(Roughly) Daily

“If I have seen further, it is by standing on the shoulders of giants”*…


The discovery of high-temperature superconductors, the determination of DNA’s double-helix structure, the first observations that the expansion of the Universe is accelerating — all of these breakthroughs won Nobel prizes and international acclaim. Yet none of the papers that announced them comes anywhere close to ranking among the 100 most highly cited papers of all time.

Citations, in which one paper refers to earlier works, are the standard means by which authors acknowledge the source of their methods, ideas and findings, and are often used as a rough measure of a paper’s importance. Fifty years ago, Eugene Garfield published the Science Citation Index (SCI), the first systematic effort to track citations in the scientific literature. To mark the anniversary, Nature asked Thomson Reuters, which now owns the SCI, to list the 100 most highly cited papers of all time. (See the full list at Web of Science Top 100.xls or the interactive graphic [above].) The search covered all of Thomson Reuter’s Web of Science, an online version of the SCI that also includes databases covering the social sciences, arts and humanities, conference proceedings and some books. It lists papers published from 1900 to the present day.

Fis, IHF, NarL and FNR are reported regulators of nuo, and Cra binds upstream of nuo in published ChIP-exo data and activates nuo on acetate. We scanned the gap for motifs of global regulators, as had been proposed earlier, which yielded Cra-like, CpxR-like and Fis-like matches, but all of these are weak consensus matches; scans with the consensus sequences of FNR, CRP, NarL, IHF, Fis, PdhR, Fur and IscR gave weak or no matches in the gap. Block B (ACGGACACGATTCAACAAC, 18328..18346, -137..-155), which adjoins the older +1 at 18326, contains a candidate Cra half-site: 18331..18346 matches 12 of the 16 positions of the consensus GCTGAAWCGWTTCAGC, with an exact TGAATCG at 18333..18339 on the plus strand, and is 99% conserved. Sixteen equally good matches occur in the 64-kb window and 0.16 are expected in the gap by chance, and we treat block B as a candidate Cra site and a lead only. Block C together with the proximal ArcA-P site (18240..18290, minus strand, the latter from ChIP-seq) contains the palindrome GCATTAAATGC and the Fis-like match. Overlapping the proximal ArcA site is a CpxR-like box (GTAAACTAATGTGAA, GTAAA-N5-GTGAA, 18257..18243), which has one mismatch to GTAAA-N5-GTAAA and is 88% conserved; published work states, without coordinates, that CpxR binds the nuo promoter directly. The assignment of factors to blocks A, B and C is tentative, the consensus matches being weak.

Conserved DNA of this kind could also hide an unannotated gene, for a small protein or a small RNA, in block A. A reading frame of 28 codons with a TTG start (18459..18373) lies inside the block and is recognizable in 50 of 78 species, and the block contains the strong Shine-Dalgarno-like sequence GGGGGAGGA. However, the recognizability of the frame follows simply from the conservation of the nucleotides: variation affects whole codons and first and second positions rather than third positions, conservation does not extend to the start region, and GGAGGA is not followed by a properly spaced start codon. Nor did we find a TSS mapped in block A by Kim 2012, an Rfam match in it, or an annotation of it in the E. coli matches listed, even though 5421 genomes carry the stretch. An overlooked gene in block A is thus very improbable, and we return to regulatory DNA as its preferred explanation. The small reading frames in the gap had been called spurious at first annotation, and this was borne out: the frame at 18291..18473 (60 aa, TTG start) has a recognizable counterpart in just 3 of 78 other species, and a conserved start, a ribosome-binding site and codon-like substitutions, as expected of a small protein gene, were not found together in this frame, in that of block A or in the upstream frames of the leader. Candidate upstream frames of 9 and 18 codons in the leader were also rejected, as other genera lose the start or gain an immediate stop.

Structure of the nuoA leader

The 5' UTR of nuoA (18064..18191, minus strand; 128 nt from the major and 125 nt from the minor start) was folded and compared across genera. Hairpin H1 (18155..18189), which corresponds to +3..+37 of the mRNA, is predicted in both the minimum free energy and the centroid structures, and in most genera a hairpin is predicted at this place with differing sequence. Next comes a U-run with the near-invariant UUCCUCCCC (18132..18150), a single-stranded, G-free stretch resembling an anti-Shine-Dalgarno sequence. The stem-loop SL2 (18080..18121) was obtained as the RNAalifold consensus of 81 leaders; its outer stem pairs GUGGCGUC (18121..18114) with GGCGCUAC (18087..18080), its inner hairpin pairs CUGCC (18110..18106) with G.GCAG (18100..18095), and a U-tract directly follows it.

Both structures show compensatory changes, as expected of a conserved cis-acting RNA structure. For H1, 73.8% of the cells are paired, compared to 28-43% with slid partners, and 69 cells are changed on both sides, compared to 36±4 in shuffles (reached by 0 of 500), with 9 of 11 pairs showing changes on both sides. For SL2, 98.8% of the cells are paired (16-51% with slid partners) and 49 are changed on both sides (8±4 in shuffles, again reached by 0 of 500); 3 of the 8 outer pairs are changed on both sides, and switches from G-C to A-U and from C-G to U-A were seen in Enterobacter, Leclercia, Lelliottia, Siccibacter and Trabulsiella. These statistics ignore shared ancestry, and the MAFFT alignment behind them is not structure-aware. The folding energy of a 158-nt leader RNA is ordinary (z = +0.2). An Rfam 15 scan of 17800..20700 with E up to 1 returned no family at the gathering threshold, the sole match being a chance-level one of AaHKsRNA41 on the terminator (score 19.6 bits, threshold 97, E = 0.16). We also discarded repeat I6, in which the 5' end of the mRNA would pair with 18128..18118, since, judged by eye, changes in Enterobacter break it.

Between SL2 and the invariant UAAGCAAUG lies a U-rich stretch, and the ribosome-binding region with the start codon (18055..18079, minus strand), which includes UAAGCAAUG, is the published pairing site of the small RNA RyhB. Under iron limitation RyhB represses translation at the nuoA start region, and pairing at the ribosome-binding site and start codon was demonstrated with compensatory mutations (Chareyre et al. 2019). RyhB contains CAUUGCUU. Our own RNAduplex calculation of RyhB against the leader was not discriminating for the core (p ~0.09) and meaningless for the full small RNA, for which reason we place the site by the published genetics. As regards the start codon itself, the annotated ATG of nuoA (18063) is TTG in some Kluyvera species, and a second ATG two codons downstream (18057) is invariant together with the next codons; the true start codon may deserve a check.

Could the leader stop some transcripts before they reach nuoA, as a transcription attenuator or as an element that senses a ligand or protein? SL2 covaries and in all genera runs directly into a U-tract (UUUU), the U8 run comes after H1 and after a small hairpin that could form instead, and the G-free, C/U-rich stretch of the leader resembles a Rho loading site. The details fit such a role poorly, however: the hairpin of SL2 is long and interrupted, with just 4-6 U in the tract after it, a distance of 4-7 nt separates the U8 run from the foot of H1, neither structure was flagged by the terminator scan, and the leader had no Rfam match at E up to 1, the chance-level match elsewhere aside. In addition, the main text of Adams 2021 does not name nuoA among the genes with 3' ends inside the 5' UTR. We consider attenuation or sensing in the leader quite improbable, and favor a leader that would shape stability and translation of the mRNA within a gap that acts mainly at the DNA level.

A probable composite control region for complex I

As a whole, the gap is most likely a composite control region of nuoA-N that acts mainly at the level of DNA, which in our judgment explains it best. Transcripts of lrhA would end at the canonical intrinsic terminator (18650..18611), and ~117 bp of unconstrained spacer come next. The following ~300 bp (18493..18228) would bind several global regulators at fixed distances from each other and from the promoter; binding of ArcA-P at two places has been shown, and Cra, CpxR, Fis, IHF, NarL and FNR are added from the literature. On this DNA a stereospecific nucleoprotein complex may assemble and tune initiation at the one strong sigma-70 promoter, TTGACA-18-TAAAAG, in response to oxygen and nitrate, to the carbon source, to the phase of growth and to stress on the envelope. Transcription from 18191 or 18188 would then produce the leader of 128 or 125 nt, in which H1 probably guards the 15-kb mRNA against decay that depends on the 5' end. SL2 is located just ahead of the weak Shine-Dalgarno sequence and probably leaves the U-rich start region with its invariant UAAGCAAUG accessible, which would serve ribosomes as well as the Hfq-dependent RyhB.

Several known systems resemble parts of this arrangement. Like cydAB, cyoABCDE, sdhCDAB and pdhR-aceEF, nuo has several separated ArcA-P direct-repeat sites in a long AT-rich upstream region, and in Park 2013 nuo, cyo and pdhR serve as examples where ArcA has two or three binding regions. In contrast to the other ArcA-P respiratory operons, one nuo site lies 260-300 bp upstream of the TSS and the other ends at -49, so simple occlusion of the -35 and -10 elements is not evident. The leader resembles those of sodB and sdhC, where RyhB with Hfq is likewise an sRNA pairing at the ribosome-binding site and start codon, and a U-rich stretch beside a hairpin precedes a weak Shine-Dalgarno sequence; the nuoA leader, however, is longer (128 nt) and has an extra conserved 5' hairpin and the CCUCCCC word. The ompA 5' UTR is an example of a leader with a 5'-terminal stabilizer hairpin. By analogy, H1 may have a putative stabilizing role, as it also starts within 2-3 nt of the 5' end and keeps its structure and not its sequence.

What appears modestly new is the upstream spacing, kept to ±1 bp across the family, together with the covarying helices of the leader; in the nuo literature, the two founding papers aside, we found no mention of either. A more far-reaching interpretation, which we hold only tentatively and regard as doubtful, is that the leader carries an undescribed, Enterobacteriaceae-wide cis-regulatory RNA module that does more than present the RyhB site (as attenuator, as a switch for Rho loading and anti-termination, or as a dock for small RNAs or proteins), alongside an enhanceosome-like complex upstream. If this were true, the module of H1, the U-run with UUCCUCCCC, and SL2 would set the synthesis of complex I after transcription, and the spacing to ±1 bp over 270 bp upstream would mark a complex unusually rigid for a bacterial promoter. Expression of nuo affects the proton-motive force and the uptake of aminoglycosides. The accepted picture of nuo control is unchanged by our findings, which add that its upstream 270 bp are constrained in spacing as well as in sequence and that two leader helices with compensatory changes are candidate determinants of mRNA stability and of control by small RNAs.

The exercise revealed some surprises, not least that it takes a staggering 12,119 citations to rank in the top 100 — and that many of the world’s most famous papers do not make the cut…

Read more (and find an enlargeable version of the infographic above) in Nature’s “The top 100 papers.”

* Isaac Newton


As we iterate “ibid.,” we might send send leak-less birthday greetings to a man who facilitated the writing of several of these papers:  George Safford Parker; he was born on this date in 1863. While working as a telegraphy instructor in Janesville, Wisconsin, he became dismayed by the unreliability of his students’ pens.  He experimented with ways to prevent ink leaks; and in 1888, founded the Parker Pen Company.  The next year he received his first fountain pen patent.  By 1908, his factory on Main Street in Janesville was reportedly the largest pen manufacturing facility in the world.  Parker eventually became one of the world’s premier pen brands, and one of the first brands with a global presence.



Written by (Roughly) Daily

November 1, 2014 at 1:01 am

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